More layoffs ahead for Canadian tech sector, Elevate conference speakers warn

the Raise The tech conference made its return to Toronto this week with a lively spectacle: closing several blocks of the Esplanade neighborhood for a block party featuring performances by artists like rapper Haviah Mighty and scheduling more than 350 speakers, including tennis star Venus Williams, to grace his three spots by the time he’s done Thursday night.

But the annual festival’s comeback after a two-year pandemic hiatus comes at a less-than-great time for the industry. A plethora of startups and tech giants as prominent as Netflix, Shopify Y Simple Riches they have cut their workforce as the sector grapples with waning investor exuberance and a potential recession.

That meant how to navigate economic headwinds, and predictions about how long they’ll last, were hot topics on the Elevate stages.

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“I don’t think we’ve hit rock bottom yet,” “Dragons’ Den” star Michele Romanow said in a Wednesday session on the main stage called “leading through uncertainty.”

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“Technology has seen the first kind of bump in the road and it could get much worse.”

His e-commerce investment firm, Clearco, has not been immune to the industry’s woes. He laid off 60 employees last month when he gave up his international business, a month after cutting 25 percent of his workforce.

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The company anticipated a lot of international growth that no longer made sense in today’s economy and ultimately scrapped “experimental” projects, which Romanow said were “devastating.”

Since then, he has been outlining a new business plan for employees and reminding them that he cannot promise that it will work perfectly according to that plan.

“Being an entrepreneur is extremely hard work. It’s very masochistic, even when the sun is shining and when it starts to rain, and we go into cloudier economic conditions, this is a very difficult thing,” he said.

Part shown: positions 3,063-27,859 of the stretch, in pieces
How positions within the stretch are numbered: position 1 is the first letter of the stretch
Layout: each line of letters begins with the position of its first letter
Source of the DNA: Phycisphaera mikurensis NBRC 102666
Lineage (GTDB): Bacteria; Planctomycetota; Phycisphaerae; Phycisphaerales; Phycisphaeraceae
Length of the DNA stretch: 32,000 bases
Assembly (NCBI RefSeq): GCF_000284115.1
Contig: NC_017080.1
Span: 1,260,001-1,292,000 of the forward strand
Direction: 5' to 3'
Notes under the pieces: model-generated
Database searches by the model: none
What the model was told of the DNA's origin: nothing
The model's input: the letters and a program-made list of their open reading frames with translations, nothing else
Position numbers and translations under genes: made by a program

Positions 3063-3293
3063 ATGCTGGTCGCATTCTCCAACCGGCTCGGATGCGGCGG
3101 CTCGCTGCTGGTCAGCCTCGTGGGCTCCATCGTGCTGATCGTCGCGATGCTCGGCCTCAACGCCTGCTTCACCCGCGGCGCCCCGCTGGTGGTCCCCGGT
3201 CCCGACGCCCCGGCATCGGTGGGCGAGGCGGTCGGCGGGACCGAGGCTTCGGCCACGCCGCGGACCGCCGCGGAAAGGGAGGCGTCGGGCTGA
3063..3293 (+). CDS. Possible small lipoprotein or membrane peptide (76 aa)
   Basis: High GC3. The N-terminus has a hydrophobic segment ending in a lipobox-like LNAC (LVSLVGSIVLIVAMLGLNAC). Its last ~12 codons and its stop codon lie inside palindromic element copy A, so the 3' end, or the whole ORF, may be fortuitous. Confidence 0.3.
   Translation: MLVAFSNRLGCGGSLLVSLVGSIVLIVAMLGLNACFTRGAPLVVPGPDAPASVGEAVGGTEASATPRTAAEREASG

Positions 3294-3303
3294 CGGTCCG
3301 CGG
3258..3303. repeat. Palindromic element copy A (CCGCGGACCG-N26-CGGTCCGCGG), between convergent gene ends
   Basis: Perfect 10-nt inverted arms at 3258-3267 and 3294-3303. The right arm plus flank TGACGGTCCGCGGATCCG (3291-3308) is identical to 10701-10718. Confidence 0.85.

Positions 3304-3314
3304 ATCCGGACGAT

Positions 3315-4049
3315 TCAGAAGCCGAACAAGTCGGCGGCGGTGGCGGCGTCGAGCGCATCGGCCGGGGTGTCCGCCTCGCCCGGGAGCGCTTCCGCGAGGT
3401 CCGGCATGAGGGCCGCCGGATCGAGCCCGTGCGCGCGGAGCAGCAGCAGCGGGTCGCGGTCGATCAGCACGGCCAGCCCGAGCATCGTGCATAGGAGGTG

Abdullah Snobar, chief executive of the DMZ tech hub in Toronto, agreed that more cuts from more companies are coming.

“This is just the beginning,” he said, when Elevate kicked off Tuesday. “Not to create this exaggerated scare narrative, but I’m sure you’re going to see a lot more layoffs.”

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Labor data aggregator counts 630 startups around the world that have laid off 80,902 employees this year alone. Some 1,193 startups have laid off 176,874 workers since the pandemic began.

Workers who see and are affected by these cuts are now becoming familiar with the fact that “the world will not be like it used to be,” when companies hired “ridiculous” numbers of staff in a short period of time, Snobar said.

But these workers are still needed.

A 2019 report from the Information and Communications Technology Council, a nonprofit organization that provides advice on employment policy, predicted that the demand for talent with digital skills in Canada would reach 193,000 by 2022 and more than 305 000 by 2023.

A 2020 addendum explaining COVID-19 forecast demand to drop by nearly 24 percent and said that under new baseline scenarios, the digital economy is expected to see demand for 147,000 workers by 2022, with total employment reaching almost two million.

Banks, insurance companies and even retailers are embarking on hiring as they dig deeper into artificial intelligence, apps and other software to advance their operations and tackle labor shortages.

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“I don’t think you’re looking at a Gotham City story, like the clouds have come in and we have to be very careful and everyone is hiding for a little while,” Snobar said. “We’re going to get through this.”

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Lisa Zarzeczny, CEO and co-founder of Elevate, agrees. It’s part of why it was intentional to hire speakers who were willing to talk about the harsh realities facing technology and share advice on how to move forward.

“We don’t want to overlook it,” he said. “We believe that there is an opportunity to learn, so at all of our stages, we are asking some tough questions.”

In addition to Romanow’s session, Elevate had scheduled Wealthsimple founder Mike Katchen and Properly CEO Anshul Ruparell to explore how to grow a business amid headwinds, and the CEO of , Nick Van Weerdenburg, led a talk called “Hedgehogging and outfoxing: The psychology of harnessing uncertainty. ”

© 2022 The Canadian Press

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